Every day we are surrounded by various expressions and words used to talk about money. Apart from ‘salary’, ‘payroll’ and ‘earn a living’, there are a few useful phrases you might need in English:
– ‘gross salary’ is the salary before anything is deducted for contributions and tax
Example: He earns £40 000 a year gross.
– ‘deductions’ are payments made by the employer for an employee to health and pension schemes based on the gross salary
Example: Although my gross salary seems good, after deductions, I haven’t got very much left.
– ‘commission’ is paid to people in sales based on the amounts of goods sold.
Example: I get paid a commission on the deals I negotiate.
– ’taxable b enefit’ is a benefit which is considered as part of your income and therefore included in the income to be declared for tax.
Example: The value of the company car is included in my income. It is a taxable benefit.
– ‘mileage’ can be claimed if you use your own car to travel to another location for your work, it’s reimbursed at a fixed rate per mile travelled to cover the cost.
Example: Some employers believe it is better for the company to pay mileage than provide company cars.
– ‘basic state pension’ is the money paid on retirement to everyone who has paid contributions for the required number of years.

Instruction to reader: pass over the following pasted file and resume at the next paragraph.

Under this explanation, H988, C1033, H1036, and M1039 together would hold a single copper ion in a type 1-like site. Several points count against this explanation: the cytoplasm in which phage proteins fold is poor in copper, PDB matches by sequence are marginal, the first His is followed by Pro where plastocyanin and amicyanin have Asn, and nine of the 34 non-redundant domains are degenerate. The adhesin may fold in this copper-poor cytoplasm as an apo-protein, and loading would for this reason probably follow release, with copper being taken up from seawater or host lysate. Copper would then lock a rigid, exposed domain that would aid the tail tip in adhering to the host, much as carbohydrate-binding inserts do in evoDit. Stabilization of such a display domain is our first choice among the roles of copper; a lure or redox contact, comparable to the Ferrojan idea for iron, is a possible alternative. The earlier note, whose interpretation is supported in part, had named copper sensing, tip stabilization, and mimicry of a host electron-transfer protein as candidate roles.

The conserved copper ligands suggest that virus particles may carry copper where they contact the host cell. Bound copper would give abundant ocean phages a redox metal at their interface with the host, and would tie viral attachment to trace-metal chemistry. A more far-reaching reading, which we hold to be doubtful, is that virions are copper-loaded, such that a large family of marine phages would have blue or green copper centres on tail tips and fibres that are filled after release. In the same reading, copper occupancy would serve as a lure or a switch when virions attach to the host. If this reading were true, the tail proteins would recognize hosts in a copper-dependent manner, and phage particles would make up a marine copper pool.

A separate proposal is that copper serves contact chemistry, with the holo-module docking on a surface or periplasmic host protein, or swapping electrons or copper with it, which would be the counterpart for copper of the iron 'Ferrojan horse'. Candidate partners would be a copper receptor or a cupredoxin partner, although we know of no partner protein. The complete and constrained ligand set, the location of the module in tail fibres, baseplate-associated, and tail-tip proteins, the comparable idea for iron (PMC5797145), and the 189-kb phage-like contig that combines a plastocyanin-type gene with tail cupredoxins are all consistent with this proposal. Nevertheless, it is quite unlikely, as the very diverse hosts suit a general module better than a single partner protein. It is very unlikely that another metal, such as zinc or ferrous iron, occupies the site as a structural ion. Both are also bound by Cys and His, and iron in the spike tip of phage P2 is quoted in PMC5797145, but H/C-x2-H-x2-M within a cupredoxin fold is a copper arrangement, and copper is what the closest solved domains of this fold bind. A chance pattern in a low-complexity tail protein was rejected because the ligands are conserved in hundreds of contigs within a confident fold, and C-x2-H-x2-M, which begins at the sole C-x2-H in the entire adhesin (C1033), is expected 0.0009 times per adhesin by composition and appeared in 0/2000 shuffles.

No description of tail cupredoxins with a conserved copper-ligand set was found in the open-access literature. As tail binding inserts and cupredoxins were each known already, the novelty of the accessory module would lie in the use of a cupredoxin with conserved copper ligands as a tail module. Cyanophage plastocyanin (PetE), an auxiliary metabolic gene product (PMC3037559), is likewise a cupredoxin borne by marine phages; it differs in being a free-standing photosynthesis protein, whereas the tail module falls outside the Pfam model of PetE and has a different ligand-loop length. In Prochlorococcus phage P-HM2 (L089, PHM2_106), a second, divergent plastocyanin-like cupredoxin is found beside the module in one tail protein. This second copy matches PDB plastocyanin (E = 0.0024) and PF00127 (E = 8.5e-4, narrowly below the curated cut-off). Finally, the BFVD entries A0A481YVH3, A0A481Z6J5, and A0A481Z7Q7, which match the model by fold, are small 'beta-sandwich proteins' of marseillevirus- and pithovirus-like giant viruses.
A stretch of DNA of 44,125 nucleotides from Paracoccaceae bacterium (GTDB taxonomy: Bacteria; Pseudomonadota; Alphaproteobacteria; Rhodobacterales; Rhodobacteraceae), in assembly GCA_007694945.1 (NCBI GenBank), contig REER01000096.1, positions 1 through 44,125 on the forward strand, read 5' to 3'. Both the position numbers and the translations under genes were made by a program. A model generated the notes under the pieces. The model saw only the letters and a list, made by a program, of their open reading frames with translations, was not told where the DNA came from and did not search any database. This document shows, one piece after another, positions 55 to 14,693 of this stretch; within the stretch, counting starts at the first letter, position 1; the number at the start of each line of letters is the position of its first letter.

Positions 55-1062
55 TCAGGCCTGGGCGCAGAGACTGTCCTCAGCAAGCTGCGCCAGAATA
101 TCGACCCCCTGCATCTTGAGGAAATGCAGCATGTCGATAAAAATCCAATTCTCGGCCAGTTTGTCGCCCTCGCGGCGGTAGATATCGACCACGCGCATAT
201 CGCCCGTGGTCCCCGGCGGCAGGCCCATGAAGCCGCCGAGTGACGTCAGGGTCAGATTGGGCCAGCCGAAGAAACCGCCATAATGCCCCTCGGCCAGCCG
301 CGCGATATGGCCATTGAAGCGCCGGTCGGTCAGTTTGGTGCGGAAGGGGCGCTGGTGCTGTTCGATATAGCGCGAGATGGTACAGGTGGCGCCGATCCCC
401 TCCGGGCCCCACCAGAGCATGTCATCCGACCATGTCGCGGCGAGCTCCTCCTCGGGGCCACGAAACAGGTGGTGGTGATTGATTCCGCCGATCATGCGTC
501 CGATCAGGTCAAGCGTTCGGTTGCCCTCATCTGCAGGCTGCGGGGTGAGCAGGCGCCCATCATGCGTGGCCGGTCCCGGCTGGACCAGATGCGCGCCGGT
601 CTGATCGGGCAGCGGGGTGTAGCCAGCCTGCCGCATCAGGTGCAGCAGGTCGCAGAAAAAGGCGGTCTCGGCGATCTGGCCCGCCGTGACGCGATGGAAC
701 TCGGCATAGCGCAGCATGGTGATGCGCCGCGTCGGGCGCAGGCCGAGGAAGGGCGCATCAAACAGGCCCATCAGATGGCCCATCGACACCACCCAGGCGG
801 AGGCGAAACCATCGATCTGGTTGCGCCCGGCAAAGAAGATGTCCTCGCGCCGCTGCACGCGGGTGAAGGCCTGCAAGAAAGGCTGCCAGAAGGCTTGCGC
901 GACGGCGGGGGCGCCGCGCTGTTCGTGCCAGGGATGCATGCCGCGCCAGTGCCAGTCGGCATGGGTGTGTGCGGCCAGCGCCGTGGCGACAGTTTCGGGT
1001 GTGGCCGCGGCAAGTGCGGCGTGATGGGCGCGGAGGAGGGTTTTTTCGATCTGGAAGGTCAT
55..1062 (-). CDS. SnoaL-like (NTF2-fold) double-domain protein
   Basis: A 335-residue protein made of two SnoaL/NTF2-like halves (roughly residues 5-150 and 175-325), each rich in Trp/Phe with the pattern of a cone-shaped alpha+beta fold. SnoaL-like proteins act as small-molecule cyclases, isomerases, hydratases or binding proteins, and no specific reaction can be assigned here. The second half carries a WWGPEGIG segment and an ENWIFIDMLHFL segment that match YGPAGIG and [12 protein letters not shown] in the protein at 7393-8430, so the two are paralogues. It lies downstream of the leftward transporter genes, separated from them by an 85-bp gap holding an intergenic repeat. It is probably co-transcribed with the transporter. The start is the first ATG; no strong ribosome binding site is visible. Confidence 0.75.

Example: Many people contribute to the state pension fund, but also pay into a private one.
– ‘redundancy pay’ is given if you lose your job and are made redundant.
Example: When Maria lost her job, she used her redundancy pay to set up her own business.
– an ‘itemized pay statement’ contains a detailed breakdown of the pay you have earned and the deductions taken from it.
Example: In order to get a bank loan, you need to give them your itemized pay statements for the last six months.
However, money vocabulary does not need to be so rigid and boring – there are many amusing idiomatic expressions that can be used when referring to finances:
If you bet on the wrong horse, you base your plans on the wrong guess about the results of something.
Example: I put all my money into their shares and it turned out that I made a bet on the wrong horse- the company went bankrupt a week after that.
To cook the books means that somebody illegally changes the information in accounting books, writing down false numbers.
Example: Over the last few years we have witnessed many cases of cooking the books in our state firms.
A fast buck is the money made quickly and easily, very often in a dishonest way.
Example: The company tried to make a fast buck on the recycling deal, but in the end they lost a lot of money.
If somebody has their hand in the till, it means they steal money from a company or an organization.
Example: The director of the company was arrested after being reported to have had his hand in the till when going on a vacation.
The expression money talks means that money opens all doors, giving you power to do what you want.
Example: Sam always gets the best service in restaurants because he is well aware of the fact that money talks, so he keeps a few extra bucks in his pockets to make sure he’ll get what he wants.
Autor: Ljiljana Breulj Štimac